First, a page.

An international study led by researchers from Lund University in Sweden has found that a collision in the asteroid belt 470 million years ago created drastic changes to life on Earth. The breakup of a major asteroid filled the entire inner solar system with enormous amounts of dust leading to a unique ice age and, subsequently, to higher levels of biodiversity. The unexpected discovery could be relevant for tackling global warming if we fail to reduce carbon dioxide emissions.
Over the past 50 years, the water in lakes and watercourses has turned increasingly brown. The so-called browning has a negative impact on both drinking water production and ecosystems. If nothing is done, the water is likely to turn even browner – however, there is hope.
Eumelanin – a natural pigment found for instance in human eyes – has, for the first time, been identified in the fossilized compound eyes of 54-million-year-old crane-flies. It was previously assumed that melanic screening pigments did not exist in arthropods.
Predators are not only a deadly threat to many animals, they also affect potential prey negatively simply by being nearby. Researchers at Lund University in Sweden have studied what happens to the prey’s immune system when they are forced to expend a large amount of their energy on avoiding being eaten.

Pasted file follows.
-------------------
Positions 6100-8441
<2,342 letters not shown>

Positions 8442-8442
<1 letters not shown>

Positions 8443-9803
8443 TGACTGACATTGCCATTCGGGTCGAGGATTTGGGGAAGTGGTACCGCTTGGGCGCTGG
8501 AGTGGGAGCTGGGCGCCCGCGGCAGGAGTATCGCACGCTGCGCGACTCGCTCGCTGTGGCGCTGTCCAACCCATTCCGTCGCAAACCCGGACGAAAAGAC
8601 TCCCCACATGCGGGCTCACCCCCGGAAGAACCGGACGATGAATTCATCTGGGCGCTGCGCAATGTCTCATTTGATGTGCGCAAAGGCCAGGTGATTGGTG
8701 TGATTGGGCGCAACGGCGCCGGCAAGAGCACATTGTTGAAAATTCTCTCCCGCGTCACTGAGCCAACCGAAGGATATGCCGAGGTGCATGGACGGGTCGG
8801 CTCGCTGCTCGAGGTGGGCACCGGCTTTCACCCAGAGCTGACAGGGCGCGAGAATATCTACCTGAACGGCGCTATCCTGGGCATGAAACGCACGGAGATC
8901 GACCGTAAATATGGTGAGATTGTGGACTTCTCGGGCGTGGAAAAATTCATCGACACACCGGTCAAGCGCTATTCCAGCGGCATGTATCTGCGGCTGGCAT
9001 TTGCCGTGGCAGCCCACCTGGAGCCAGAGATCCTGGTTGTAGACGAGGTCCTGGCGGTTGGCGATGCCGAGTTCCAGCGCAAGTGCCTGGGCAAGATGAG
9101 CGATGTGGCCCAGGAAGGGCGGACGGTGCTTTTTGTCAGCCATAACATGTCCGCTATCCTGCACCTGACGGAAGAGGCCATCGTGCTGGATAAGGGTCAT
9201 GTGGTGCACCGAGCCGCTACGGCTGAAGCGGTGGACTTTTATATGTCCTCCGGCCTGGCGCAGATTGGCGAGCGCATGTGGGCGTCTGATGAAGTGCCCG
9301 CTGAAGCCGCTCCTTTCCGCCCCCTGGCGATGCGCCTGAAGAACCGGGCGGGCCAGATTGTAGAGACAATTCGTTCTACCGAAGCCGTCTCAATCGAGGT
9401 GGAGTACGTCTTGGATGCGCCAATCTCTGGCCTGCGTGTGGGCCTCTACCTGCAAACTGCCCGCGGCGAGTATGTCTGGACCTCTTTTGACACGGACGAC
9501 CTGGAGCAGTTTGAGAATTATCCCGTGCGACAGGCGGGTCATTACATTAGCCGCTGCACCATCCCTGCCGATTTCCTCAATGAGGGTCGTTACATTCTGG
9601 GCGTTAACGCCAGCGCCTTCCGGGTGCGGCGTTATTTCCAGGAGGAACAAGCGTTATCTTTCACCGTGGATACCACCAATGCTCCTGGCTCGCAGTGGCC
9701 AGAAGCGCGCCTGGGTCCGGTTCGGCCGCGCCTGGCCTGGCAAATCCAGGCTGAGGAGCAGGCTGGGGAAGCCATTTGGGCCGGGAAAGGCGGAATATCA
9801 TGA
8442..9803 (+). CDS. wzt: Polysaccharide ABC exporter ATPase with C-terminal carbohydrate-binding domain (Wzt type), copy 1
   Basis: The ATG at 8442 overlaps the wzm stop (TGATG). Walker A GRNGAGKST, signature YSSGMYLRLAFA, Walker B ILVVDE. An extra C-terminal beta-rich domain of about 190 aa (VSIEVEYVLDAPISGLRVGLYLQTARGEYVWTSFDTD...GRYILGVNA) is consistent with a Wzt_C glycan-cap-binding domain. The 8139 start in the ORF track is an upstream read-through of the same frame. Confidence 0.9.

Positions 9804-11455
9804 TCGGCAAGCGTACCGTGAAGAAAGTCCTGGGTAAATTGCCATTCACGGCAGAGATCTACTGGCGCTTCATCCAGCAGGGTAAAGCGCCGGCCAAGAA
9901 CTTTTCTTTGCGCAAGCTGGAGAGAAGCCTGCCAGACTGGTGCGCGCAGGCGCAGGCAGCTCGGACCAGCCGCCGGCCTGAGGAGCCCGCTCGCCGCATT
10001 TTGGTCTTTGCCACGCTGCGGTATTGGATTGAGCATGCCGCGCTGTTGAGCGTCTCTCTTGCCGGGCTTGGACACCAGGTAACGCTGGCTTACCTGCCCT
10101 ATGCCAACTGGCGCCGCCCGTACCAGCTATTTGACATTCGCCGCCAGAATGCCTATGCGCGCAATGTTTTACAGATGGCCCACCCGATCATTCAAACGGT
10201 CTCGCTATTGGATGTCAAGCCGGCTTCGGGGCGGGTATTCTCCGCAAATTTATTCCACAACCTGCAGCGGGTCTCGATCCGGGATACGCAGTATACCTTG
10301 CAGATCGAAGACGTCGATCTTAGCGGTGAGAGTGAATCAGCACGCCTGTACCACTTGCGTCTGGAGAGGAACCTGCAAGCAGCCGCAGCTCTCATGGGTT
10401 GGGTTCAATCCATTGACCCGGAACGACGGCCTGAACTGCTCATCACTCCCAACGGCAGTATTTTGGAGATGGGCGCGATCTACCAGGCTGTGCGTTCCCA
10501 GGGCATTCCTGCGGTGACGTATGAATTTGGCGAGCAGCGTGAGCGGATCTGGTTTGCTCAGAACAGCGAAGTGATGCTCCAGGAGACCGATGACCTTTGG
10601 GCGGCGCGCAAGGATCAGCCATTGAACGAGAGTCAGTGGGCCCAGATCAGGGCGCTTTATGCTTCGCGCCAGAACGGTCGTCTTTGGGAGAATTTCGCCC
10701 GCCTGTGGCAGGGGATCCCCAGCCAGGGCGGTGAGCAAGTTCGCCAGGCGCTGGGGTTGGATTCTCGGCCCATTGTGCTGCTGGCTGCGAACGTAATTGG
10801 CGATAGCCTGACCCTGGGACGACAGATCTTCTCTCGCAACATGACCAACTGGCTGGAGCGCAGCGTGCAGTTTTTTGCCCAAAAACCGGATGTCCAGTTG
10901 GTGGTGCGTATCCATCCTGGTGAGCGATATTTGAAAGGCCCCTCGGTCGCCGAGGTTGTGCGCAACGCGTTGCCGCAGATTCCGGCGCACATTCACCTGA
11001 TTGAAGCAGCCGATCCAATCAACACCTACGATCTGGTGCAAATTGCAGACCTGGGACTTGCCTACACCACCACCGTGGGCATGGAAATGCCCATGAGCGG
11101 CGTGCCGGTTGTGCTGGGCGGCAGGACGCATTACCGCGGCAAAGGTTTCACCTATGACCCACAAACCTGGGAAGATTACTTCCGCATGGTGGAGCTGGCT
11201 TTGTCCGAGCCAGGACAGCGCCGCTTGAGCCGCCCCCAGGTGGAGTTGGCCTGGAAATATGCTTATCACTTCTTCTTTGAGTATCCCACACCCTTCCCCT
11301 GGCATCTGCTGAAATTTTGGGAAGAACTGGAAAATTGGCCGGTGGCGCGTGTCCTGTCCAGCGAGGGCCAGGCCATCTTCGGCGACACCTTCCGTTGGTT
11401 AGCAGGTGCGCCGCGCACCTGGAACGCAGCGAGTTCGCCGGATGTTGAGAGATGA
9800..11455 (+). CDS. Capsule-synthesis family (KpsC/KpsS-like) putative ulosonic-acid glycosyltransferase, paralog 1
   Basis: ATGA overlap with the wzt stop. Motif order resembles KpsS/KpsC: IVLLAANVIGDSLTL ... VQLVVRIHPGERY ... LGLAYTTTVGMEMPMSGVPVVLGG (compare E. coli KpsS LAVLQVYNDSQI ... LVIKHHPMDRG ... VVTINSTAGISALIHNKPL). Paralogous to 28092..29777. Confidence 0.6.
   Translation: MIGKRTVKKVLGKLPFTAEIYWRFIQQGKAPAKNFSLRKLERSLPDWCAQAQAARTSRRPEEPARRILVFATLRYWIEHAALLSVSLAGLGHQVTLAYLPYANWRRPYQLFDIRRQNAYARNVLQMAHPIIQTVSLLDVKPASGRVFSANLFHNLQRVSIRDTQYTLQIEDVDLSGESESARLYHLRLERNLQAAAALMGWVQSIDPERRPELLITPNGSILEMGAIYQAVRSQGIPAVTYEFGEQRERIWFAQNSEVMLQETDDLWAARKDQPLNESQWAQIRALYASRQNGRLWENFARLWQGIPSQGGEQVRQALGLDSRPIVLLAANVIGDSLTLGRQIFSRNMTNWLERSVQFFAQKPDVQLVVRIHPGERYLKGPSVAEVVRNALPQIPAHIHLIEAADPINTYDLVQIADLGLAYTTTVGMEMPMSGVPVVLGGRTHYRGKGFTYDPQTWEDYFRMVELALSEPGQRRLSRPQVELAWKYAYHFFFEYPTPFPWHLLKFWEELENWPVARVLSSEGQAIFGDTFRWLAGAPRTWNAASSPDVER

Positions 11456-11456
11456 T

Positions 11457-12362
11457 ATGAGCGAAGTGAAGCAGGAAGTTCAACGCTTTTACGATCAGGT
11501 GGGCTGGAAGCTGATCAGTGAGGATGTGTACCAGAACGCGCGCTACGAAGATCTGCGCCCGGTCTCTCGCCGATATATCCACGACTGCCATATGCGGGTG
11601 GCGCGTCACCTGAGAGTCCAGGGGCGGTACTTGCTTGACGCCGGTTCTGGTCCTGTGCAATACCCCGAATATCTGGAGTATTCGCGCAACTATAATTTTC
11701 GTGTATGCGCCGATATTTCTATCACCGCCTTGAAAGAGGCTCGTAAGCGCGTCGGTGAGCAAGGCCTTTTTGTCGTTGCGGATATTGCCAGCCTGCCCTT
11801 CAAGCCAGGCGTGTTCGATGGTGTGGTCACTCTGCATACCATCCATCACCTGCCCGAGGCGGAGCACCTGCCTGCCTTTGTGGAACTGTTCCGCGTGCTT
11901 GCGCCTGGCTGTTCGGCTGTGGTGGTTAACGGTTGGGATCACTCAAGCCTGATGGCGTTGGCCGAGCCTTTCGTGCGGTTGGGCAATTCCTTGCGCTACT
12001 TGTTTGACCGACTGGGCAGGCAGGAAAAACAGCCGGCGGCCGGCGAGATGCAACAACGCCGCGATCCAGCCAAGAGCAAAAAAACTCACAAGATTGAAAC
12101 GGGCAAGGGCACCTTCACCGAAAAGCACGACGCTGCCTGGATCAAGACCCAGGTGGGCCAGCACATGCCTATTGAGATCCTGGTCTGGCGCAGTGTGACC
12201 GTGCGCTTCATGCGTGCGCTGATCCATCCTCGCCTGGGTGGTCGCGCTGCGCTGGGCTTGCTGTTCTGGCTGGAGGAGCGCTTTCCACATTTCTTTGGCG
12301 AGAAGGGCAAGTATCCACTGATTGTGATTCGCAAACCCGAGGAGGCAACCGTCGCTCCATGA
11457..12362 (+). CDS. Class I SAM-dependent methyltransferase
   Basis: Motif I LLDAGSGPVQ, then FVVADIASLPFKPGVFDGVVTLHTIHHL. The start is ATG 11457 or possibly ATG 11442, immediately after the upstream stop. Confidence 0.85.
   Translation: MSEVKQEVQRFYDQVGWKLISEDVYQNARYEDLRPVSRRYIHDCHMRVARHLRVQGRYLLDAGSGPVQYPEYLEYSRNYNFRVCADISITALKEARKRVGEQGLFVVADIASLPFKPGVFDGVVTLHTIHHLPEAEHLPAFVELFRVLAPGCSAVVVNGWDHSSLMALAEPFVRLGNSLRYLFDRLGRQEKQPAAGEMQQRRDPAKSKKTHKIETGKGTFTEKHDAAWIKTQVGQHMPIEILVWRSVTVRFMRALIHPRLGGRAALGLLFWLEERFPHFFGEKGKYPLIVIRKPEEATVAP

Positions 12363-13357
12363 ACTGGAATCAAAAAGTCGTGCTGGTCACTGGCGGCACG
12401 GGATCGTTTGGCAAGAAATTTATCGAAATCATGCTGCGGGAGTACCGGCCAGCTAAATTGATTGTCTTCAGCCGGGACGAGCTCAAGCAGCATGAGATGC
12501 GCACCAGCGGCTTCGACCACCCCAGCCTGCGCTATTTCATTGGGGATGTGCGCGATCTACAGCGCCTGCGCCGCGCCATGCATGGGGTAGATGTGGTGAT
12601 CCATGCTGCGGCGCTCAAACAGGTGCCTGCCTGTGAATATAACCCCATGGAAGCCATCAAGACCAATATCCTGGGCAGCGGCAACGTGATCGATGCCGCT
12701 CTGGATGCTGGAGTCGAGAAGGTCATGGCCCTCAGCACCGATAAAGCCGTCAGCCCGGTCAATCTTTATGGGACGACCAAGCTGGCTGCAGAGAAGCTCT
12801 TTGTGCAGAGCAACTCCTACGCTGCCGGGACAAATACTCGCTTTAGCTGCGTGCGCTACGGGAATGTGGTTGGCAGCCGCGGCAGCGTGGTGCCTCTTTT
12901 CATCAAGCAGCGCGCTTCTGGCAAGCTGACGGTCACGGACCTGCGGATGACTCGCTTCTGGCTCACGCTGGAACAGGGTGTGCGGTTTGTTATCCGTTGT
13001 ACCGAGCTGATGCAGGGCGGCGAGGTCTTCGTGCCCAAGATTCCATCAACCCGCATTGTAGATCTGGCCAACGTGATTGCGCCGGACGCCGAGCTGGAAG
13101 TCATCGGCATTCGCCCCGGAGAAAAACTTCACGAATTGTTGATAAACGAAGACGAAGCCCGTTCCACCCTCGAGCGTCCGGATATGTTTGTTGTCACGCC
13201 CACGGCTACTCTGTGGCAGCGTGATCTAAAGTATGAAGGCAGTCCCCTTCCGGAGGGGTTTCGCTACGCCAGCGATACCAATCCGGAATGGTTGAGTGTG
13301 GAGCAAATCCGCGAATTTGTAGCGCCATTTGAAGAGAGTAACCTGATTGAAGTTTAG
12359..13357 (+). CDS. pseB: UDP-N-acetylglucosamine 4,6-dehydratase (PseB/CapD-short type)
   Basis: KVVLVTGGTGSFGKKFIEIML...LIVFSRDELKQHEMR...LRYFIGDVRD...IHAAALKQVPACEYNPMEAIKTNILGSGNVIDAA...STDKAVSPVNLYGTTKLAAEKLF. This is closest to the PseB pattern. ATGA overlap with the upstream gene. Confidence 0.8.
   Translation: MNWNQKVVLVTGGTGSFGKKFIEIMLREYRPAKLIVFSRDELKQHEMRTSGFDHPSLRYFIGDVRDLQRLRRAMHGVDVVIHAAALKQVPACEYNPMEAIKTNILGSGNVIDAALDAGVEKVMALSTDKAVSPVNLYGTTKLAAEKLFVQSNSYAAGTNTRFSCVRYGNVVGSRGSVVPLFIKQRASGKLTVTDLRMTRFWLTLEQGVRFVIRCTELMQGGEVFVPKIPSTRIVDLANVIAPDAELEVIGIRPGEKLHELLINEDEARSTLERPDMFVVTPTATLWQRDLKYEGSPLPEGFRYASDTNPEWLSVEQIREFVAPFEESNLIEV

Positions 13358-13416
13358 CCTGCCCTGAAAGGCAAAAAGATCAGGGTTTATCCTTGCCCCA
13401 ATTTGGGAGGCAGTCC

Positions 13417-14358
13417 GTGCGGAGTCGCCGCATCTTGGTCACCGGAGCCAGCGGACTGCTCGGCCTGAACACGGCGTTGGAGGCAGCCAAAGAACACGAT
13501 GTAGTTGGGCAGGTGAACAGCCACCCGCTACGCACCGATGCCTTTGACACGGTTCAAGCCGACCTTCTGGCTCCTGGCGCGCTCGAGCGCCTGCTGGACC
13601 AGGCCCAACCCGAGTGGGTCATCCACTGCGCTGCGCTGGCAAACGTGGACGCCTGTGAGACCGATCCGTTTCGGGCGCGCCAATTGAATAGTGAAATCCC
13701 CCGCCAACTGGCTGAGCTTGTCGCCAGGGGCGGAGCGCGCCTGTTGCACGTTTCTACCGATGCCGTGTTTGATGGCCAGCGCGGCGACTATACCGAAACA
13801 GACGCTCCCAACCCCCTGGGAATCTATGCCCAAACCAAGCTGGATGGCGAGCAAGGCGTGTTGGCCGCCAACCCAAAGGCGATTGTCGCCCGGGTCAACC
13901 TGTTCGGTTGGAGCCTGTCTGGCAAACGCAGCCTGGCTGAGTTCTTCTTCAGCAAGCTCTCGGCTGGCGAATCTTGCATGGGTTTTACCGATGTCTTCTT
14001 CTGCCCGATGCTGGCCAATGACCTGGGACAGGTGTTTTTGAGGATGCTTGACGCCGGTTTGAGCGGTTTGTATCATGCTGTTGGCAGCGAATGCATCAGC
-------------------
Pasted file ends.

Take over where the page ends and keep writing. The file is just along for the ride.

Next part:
Researchers at Lund University have contributed to creating a uniquely detailed global climate model that will increase our understanding of climate change. It is the first time that vegetation and land use, at this level of detail, are included in climate modeling within EC-Earth, a global climate and earth system model.
Researchers have shown for the first time that an animal uses different directional sensors to achieve the highest possible navigational precision in different conditions. When the sun is high, dung beetles navigate using the wind.
The greatest threat to biodiversity today is different species losing their habitats. To reverse this trend will require action on many societal levels, and there are simple things you can do in your own garden to help, according to Lund University researchers Anna Persson and Caroline Isaksson.